If the target user watched Chevy’s ad on the TV, and then picked up their phone, Chevy double-dipped. But if that user missed the TV ad because they were on their phone, then Chevy got a second bite of the cherry. Thanks to second screen tactics like this, enabling Chevy to reach their target audience wherever and however they were engaging with the big game, Chevy became the 4th most talked about brand on Super Bowl day – a huge achievement given the number of brands shouting for attention on that day.

If you want to engage with an audience on the second screen around a big event such as the Soccer World Cup or the Super Bowl, talk to 



Implicit Data in the Twitter Ecosystem – and how OneRiot uses it for targeting ads to mobile users.

by Tobias Peggs

Mark Suster has a great post outlining several reasons why he’s doubling down on TwitterOne such reason is the power of implicit data that exists within the Twitter ecosystem.

Targeting ads to “Sports Guys” using implicit Twitter data.

As Mark writes: “Do you follow Fox News, Rush Limbaugh, Sean Hannity and Glenn Beck? Well if you also follow Keith Olberman and Rachel Maddow then I can interpret something about you. If you follow the former and not the latter I can interpret something else. Companies [can] run correlation analyses to determine probabilities that you are a, b or c. Even if they’re not using this to target you with information sent via Twitter, they might use it in aggregate to determine things like the likely electoral votes in a region that will swing for a candidate. Or the probability of Southern Democrats to buy cable versus satellite or an Android versus an iPhone.”

At OneRiot, we use similar analysis to determine what users are interested in right now, and then target ads using that data.

You can “see” how it works using this tool. Simply type in a Twitter ID and, based on implicit data, you can “see” what that person is interested in right now. This is broken out by IAB interest categories (e.g. “Sports” is a Tier 1 interest, with “Sports->Cycling” being Tier 2). The tool also shows a sample advertisement that OneRiot might display to that user.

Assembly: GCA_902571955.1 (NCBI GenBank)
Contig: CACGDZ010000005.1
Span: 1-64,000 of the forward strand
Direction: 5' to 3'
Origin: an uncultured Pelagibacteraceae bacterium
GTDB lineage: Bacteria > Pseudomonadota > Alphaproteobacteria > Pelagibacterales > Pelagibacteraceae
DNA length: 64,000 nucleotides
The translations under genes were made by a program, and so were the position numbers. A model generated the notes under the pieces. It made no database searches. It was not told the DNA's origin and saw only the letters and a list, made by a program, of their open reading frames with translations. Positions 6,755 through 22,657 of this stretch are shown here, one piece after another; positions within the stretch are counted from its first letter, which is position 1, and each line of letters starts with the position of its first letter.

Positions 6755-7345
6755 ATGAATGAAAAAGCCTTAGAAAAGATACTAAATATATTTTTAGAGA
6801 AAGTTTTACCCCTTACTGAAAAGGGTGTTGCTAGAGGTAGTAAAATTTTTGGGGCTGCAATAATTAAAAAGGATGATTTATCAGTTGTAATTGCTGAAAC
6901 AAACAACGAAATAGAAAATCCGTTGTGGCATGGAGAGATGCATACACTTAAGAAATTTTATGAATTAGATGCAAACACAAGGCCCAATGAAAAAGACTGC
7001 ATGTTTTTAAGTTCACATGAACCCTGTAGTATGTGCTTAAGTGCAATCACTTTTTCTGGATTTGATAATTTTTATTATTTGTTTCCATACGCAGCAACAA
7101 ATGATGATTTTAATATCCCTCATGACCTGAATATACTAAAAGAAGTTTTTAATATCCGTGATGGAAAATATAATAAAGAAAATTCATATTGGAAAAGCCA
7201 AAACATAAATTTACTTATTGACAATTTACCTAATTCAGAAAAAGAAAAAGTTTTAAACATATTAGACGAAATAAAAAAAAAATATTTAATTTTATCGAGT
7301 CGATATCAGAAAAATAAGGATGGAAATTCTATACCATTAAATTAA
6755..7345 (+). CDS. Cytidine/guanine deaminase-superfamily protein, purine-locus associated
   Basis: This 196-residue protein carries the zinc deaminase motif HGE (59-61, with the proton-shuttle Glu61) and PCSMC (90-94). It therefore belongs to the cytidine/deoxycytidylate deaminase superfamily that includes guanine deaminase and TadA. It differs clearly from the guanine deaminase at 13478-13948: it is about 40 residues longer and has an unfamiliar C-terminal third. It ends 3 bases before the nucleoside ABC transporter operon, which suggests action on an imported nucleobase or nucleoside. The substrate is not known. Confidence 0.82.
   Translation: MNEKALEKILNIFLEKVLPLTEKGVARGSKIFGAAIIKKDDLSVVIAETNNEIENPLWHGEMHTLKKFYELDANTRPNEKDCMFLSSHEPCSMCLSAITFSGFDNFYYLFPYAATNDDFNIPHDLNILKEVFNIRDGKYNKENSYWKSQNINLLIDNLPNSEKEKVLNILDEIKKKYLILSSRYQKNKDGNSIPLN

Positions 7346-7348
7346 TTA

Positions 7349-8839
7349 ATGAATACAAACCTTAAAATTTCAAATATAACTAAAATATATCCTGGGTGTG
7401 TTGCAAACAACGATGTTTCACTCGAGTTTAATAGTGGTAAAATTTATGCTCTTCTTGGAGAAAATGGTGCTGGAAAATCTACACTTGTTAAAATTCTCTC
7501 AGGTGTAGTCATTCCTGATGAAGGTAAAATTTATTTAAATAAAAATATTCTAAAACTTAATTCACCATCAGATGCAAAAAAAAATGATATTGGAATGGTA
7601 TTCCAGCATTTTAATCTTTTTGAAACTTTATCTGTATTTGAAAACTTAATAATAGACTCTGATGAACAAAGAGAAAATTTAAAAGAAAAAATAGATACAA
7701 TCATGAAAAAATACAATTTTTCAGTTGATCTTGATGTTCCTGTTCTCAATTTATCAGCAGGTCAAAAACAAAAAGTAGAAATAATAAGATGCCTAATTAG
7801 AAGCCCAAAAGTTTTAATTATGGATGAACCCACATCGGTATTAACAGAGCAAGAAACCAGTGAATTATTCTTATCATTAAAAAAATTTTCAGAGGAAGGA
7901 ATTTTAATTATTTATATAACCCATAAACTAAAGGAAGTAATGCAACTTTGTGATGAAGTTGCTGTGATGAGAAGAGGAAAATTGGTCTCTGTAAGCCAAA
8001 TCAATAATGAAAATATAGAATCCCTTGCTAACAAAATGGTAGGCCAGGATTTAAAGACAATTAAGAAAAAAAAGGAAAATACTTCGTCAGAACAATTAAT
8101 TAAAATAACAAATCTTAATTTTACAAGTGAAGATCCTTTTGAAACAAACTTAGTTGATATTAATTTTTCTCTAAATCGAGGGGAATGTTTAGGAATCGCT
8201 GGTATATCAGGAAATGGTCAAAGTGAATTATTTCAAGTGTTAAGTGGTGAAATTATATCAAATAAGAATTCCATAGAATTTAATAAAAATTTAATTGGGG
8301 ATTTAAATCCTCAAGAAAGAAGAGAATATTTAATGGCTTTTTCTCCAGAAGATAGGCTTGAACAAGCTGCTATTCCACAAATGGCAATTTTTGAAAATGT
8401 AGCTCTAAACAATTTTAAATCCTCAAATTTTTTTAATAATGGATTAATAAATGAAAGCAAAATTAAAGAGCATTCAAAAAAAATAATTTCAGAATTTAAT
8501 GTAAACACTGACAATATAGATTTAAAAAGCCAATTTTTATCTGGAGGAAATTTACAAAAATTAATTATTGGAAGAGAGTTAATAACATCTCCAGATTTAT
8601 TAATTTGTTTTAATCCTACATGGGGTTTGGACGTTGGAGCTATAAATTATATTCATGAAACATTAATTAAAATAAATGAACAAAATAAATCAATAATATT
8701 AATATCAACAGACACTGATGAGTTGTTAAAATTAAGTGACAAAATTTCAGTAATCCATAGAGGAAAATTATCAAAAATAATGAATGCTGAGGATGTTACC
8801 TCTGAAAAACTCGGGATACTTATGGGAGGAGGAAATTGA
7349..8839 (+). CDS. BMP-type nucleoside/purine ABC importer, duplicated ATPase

Sonos ad targeted to a male user with interests in Music and Technology

This simple tool sits on top of some pretty sophisticated Big Data Analysis, Machine Learning and Natural Language Processing. We’ll cover the technical detail in a later post, but some important considerations include:

1 – Who a user follows. As Mark points out, who you follow can be used to help interpret what you are interested in. To use a simple example: I might never tweet… but if I follow a number of influential tech bloggers, I’m clearly using Twitter to consume tech content, and I’m interested in “Technology”. To get a more accurate read of interests, it’s also important to understand how influential those tech bloggers are in certain content categories. To enable this, we’ve developed a granular Klout-like score for category influence. For example, @parislemon might be a tech influencer who OneRiot scores highly on content related to “Apple” but low on “Microsoft”. If I chose to follow him over another tech influencer with the opposite scores, it might indicate that I’m more interested in products coming from Cupertino than Redmond (which in turn influences what ads OneRiot will display for me).

2 - Content in Tweets tweeted. This seems like the most obvious signal, but we use it in a non-obvious way. If a user tweets “Watching the movie Horrible Bosses #LMAOOO”, you could imply that the user likes comedy movies. However, more interesting to us is the word-level unigram, “#LMAOOO”. By studying n-grams in hundreds of millions of tweets, from millions of users, we’ve built a statistical language model that can determine user attributes such as age, gender, ethnicity and even income level. As an illustrative example, it maybe that 18-24 year old Hispanic females are more likely to emphasize the “O” in “#LMAOOO” than other age groups or other ethnicities. Hundreds of thousands of similar indicators compete inside our language model. The end result is that it’s possible to target ads to specific demographic groups with incredible accuracy.

3 - Content in Tweets consumed in the stream. Twitter is a global conversation, and the realtime firehose of Tweets reflects the changing interest of its users. Accordingly, OneRiot processes the content in that firehose to identify temporal interests that a user might have right now. To illustrate, let’s assume that “User A” is not typically a movie fan, and follows no defined “movie influencers”. We would not normally target that user with a movie advertisement. Meanwhile, elsewhere in the Twitterverse, a cluster of known movie influencers suddenly start Tweeting a lot about “Super 8”. Our system will automatically connect the dots and understand that “Super 8” is hot in the movie category. To continue with the illustration, let’s now assume that because “Super 8” is hot, a lot of people that “User A” does follow also start Tweeting about it, and “User A” consumes those tweets. OneRiot would now automatically categorize “User A” as being temporarily interested in that movie. There’s a window of opportunity to effectively target “User A” with an appropriate movie ad. When we use targeting techniques like these, the performance is through-the-roof fantastic. (Our theory is: from User A’s perspective, the ad content is out of their norm, so it stands out. But it’s also “socially relevant right now”, which is intriguing. The one-two combination results in a killer click-through rate).